Cannabis legalisation 'could raise £1bn a year for UK'
Legalising cannabis could net the Treasury £1bn a year in tax revenue, a report backed by some MPs has claimed.
The Adam Smith Institute, a free-market think tank, said the UK's policies had failed to stop the production and use of cannabis or the associated crime.
The Home Office said it had no plans to legalise the "harmful drug".
Former Deputy Prime Minster Nick Clegg and former health minister Norman Lamb are among a cross-party group of MPs that have backed the report.
'Take back control'
The Tide Effect, which was compiled with VolteFace, a drugs policy think tank, called for "root and branch" reform to legalise and regulate cannabis to ensure it meets acceptable standards and to remove the market for criminal gangs.
It said a legal cannabis market could be worth £6.8bn to the economy annually, potentially raising between £750m and £1.05bn in tax revenues and reduced criminal justice costs.
The number of offenders in prison for cannabis-related offences in England and Wales would also likely drop from the current 1,363, who cost taxpayers £50m a year, the report said.
It comes as Germany is about to legalise cannabis for medical purposes while Canada prepares for decriminalisation of the drug.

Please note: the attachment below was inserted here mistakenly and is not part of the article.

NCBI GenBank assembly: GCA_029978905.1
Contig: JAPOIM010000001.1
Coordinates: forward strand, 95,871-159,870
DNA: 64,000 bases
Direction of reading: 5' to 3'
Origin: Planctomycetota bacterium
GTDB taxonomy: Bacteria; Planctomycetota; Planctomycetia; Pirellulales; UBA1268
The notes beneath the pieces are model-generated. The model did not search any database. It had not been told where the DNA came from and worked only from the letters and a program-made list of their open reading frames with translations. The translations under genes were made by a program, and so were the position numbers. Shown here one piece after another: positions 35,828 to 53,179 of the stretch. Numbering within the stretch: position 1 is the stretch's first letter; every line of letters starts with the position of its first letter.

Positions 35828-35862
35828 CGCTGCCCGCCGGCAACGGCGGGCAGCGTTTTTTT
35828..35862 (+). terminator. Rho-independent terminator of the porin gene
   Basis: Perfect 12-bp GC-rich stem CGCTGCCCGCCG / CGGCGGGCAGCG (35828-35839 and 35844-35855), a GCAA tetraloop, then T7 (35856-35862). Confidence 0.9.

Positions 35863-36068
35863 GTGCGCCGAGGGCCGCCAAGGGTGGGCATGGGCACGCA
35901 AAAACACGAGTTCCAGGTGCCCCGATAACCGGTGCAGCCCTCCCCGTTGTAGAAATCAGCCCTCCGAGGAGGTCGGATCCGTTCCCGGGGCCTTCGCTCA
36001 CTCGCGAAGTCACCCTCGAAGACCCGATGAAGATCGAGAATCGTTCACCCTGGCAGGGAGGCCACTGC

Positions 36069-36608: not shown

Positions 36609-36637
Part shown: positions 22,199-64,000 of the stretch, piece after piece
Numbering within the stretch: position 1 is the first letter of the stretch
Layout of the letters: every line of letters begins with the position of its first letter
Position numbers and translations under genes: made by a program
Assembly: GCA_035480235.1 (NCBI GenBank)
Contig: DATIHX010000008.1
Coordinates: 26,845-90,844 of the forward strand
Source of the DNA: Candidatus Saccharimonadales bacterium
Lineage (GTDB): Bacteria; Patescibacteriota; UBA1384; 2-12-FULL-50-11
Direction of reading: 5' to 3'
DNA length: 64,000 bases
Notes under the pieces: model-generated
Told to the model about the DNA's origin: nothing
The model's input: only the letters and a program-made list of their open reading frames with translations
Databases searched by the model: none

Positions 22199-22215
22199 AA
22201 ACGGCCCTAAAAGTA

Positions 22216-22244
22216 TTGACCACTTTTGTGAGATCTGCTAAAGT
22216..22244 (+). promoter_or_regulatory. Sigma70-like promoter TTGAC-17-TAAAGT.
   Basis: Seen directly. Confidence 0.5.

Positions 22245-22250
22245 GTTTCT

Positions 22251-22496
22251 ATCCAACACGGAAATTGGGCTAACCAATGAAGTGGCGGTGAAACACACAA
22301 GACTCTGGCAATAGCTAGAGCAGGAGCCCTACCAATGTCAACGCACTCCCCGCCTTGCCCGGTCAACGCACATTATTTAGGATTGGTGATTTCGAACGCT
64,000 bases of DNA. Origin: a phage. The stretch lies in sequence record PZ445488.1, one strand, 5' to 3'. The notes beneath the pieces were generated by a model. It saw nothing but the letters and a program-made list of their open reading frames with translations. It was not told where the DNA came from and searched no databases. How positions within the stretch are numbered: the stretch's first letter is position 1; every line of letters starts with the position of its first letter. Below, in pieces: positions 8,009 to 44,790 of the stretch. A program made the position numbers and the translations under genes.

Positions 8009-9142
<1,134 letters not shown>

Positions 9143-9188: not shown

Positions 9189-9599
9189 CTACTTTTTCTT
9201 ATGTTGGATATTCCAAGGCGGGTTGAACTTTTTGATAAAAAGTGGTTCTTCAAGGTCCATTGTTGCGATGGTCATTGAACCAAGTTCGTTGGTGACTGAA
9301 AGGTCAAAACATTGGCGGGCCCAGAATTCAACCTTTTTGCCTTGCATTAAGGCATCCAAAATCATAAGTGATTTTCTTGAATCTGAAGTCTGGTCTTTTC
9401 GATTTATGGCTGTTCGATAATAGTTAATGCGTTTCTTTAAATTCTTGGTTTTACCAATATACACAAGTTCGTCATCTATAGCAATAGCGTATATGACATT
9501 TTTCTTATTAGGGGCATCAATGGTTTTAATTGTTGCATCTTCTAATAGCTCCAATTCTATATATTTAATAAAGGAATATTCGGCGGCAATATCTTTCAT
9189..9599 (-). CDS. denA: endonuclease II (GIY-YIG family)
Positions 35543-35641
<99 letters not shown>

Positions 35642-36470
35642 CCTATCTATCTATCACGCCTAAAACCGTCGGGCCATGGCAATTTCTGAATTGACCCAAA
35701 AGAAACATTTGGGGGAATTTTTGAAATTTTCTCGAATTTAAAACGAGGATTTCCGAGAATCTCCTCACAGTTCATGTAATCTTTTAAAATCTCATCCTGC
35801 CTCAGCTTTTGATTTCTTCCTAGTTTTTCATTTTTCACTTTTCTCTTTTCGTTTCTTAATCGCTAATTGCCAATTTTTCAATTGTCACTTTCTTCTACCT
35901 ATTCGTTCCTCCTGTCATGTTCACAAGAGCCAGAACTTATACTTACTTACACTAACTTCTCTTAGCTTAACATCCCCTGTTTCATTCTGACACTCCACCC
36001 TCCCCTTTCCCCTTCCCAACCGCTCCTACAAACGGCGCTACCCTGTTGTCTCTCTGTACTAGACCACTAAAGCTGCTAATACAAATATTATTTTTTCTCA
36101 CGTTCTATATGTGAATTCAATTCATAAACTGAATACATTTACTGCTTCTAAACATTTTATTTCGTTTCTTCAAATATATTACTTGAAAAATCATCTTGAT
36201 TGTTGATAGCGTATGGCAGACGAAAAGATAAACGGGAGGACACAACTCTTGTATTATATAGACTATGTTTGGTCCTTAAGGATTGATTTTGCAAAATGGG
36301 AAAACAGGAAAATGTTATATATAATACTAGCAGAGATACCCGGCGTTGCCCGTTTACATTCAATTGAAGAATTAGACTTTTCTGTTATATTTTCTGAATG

The Netherlands effectively decriminalised cannabis decades ago while in 2001 Portugal changed the law to turn possession of drugs into an "administrative offence", sending those caught with drugs for personal use to a "dissuasion board" rather than face prosecution.
Mr Clegg said: "British politicians need to open their eyes to what is happening in the rest of the world.
"Cannabis prohibition is being swept away on a tide of popular opinion and replaced with responsible legal regulation.
"Now is the time for ministers to start writing the rules for this legal market, including age limits and health warnings, so that we can finally take back control from the criminal gangs."
The report said regulation was "substantially more desirable" than simply decriminalising the drug or unregulated legalisation.
Regulation would remove gangs from the sale and production of the drug, ensure the product meets acceptable standards and raise money through taxation, it said.
It also said a proportion of tax revenues from the sale of cannabis could be invested back into public services, particularly for those most vulnerable to the negative impacts of its use.
Report author Boris Starling said the advantages of a properly regulated cannabis market "far outweigh the disadvantages".
He said attempts to control consumption through prohibition did not work and "have not done so for many decades".
Mr Lamb said: "Prohibition is harmful and counter-productive, helping neither to reduce drug use nor the risks to public health."
A Home Office spokeswoman said: "This government has no plans to legalise cannabis.
"There is a substantial body of scientific and medical evidence to show that cannabis is a harmful drug which can damage people's mental and physical health.
"The UK's approach on drugs remains clear - we must prevent drug use in our communities and support people dependent on drugs through treatment and recovery."